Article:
May 4, 2011


This blog has been a pleasure to write.  As my loyal readers know this blog is a project for my communicating science class and I am sad to say it has come to an end.  After this point no new posts will be written but the blog will remain online for your entertainment. 

I have learned a lot from this blogging experience and I thank all of you who read my blog and especially those who commented.  Don’t hesitate to contact me via the contact widget on the bottom right.
So long and thanks for all the fish!


May 3, 2011

Angels & Demons

Angels & Demons is a great book written by Dan Brown that is full of suspense and mystery.  In 2009 a film adaptation of the book was made starring Tom Hanks as Robert Langdon, a Harvard symbologist.

But while the book and the movie are entertaining they are full of inaccuracies.  That is why I got the idea to write about the inaccuracies from J.D.’s blog Science in Fiction.  J.D. is no stranger to pointing out inaccuracies in Angels & Demons, since she already has in her post Angels +Demons + Science. Go check it out!

But seeing as this is a biometrics blog I will post on the inaccuracy in biometrics on Angels & Demons, particularly their use of a retinal scanner.  

The Prologue to the book is a grim scene where an intruder brands Physicist Leonardo Vetra and “The figure produced a blade and brought it to Vetra’s face. The blade hovered. Carefully. Surgically.”  You find out later in the book that Vetra’s eye was “stolen” during his murder.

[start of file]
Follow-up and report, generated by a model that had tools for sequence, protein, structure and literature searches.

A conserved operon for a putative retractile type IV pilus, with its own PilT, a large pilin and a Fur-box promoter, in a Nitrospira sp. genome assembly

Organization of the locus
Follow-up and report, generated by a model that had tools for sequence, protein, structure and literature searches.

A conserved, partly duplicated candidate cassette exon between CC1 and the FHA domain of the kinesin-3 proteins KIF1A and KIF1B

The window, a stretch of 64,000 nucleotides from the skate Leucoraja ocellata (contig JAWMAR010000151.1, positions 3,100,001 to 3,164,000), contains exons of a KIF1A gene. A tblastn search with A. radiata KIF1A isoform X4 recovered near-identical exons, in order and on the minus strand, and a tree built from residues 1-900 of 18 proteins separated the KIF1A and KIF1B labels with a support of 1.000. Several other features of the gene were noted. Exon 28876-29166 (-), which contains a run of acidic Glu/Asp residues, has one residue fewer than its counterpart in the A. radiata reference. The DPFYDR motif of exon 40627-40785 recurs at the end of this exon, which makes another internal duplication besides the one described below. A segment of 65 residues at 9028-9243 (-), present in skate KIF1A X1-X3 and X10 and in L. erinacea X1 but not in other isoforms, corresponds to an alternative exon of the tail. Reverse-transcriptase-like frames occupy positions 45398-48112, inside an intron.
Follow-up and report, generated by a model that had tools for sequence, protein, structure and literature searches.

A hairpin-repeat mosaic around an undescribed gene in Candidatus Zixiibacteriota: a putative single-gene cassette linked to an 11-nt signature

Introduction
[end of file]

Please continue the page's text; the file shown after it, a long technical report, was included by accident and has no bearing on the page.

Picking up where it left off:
Once Langdon makes it down to Vetra’s laboratory deep underground, they find that the laboratory is locked with a retinal scanner.  Langdon realizes why the eye was stolen and looks below the scanner at a couple drops of blood.  Further in to the laboratory there is another retinal scanner where this time on the floor they find Vetra’s eye in all its hazel colored glory.

So the question then is: Is it possible to remove an eye and use it for a retinal scanner? And the answer is very obviously no.  

There is a reason I called Retinal scanners the King of Biometrics, since fooling the scanner would be incredibly hard.  As far as taking the eye from Vetra and using it on the scanners there are a few reasons why this simply could not work.

First of all, soon after you die all of the blood drains from your retina and thus there is no pattern to recognize.  You might be inclined to point out that the prologue suggests that Vetra is still alive when his eye is removed and you would be correct.  But even given that he was alive when his eye was removed the retina would be ruined if not preserved in a perfect way.  

Consider the retina as a thin piece of tissue paper lining the surface of a sink full of water.  When the water is moved the retina would detach and thus ruin it for scanning.  In a younger person the sink would be full of a material with a consistency closer to jello.  However in the book it mentions that Vetra is elderly and thus his retina would be very fragile.  

Secondly even if somehow the killer could remove the eye perfectly without ruining the retina, he could never use it on the scanner.  As you loyal readers know, retinal scanning requires the subject to focus on a green light that they observe in the scanner.  This simply could not be done with a detached eye. 

Thus in a fully accurate world, the killer would never have gotten access to the top secret lab and would have never have stolen the anti-matter therefore the entire scenario could have been avoided.
But don’t be such a scientist! Even though the book has a lot of inaccuracies it still tells a good story and I recommend you read it, or watch the movie.  Just try to hold back yelling at the screen now that you know the truth :)